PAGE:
is a procedure for assessing the relative demands of jobs with a view to allocating jobs to positions within a pay structure. Job evaluation involves job analysis, the production of job descriptions, and an assessment of the ‘size’ of jobs (i.e. how demanding they are) so that they can be placed in rank order and divided into grades. The latter will thus consist of jobs with equivalent demands, which will receive the same basic rate of pay or be allocated to the same salary scale or pay range. There are a number of different techniques of job evaluation including ‘non-analytical’ schemes that compare whole jobs (e.g. job ranking, grade classification, and paired comparisons) and ‘analytical’ schemes that compare jobs on the basis of their component elements or ‘ factors’ (e.g. factor comparison, points rating). There has been considerable debate in recent years on the merits and demerits of job evaluation. Critics claim that the technique is costly, inhibits flexibility in work organization, and is often discriminatory. Defenders reply that costs can be minimized through computerization of job evaluation, that factors can be selected which reflect new and more flexible job roles, and that schemes can be redesigned so that the demands of typically ‘female’ jobs are recognized in the process of evaluation. The Equal Opportunities Commission recommended that non-discriminatory job evaluation be used to promote equal pay for work of equal value.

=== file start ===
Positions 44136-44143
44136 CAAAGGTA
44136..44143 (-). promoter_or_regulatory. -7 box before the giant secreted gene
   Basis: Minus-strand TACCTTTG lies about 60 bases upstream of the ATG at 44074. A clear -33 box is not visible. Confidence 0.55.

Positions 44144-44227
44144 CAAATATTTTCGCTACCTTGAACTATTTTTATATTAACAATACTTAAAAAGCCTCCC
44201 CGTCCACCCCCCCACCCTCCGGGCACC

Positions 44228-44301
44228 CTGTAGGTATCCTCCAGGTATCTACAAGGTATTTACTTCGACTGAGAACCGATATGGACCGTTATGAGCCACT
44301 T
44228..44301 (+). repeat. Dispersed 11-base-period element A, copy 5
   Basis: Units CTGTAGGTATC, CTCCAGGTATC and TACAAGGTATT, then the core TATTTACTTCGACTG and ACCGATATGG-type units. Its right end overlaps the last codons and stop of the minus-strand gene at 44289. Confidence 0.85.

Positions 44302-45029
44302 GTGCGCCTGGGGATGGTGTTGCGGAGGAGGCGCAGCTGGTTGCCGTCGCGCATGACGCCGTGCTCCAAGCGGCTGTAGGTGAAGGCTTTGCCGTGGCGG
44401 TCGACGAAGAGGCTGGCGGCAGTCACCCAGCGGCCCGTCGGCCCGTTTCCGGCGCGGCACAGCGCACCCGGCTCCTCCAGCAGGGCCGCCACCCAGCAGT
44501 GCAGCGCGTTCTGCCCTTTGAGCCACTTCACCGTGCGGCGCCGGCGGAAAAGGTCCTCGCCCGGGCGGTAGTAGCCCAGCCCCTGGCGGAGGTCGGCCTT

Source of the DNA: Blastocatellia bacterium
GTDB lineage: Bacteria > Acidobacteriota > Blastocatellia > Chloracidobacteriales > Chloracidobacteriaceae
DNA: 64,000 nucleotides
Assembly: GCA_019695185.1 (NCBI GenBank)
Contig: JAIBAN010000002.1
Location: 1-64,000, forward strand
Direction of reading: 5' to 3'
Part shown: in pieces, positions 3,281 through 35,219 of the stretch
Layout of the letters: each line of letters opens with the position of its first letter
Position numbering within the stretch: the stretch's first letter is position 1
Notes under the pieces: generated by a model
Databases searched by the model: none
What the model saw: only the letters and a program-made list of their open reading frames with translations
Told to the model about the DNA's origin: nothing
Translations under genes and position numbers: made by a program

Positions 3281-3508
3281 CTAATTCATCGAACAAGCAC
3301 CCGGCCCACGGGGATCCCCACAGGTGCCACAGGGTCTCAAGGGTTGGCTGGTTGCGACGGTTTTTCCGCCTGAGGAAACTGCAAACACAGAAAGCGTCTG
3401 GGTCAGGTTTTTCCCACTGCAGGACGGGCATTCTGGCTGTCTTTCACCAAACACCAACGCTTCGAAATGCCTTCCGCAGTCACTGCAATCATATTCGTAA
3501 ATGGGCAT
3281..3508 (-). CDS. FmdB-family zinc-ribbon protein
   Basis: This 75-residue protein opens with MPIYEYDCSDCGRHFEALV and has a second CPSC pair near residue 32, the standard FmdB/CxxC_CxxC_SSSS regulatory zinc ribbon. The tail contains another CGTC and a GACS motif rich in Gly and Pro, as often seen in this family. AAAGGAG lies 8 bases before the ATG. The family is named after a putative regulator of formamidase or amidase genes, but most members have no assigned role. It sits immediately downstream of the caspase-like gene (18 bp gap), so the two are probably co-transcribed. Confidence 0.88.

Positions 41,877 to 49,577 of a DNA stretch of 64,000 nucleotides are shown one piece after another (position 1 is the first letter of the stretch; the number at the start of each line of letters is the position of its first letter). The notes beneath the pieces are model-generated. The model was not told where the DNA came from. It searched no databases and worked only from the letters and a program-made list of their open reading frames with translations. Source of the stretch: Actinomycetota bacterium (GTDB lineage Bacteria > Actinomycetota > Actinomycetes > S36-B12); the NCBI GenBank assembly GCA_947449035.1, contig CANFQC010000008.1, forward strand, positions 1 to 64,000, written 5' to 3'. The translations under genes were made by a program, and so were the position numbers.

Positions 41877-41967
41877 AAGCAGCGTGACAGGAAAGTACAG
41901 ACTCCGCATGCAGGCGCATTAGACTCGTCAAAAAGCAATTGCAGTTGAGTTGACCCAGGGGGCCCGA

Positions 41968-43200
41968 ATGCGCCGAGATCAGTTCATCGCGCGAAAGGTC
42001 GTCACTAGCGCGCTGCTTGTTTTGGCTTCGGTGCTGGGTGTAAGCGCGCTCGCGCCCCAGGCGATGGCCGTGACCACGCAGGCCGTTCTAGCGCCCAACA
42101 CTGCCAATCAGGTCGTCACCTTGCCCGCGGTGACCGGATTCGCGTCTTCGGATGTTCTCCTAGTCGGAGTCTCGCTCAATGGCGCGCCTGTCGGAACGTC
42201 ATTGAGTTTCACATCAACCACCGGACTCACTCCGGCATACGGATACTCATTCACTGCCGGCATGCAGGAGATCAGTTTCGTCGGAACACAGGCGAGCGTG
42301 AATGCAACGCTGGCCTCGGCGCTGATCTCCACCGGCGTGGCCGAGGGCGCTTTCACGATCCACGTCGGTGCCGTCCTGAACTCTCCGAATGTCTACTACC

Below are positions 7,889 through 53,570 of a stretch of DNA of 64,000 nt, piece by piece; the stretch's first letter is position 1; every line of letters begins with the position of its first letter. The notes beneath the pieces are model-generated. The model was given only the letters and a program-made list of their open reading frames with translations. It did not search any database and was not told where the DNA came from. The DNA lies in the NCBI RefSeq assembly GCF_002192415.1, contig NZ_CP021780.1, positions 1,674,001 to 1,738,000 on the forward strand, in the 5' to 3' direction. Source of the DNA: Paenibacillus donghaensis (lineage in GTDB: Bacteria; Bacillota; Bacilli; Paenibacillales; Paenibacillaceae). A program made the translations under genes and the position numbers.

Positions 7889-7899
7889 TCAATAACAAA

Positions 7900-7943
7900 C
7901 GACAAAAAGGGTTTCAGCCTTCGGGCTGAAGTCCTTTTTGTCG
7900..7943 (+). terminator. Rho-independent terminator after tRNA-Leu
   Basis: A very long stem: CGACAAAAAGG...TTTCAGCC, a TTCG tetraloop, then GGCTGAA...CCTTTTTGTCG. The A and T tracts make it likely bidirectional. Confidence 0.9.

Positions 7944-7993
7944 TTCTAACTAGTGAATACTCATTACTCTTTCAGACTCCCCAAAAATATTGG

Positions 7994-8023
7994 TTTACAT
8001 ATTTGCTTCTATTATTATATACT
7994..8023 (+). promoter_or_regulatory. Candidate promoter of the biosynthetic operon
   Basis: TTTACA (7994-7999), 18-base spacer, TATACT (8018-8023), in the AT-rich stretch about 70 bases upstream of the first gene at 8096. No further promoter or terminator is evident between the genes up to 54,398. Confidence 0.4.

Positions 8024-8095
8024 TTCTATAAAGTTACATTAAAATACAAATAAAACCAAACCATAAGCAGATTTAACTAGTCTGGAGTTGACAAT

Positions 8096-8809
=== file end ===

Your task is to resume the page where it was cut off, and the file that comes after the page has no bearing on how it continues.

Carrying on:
Subjects: Human Resource Management.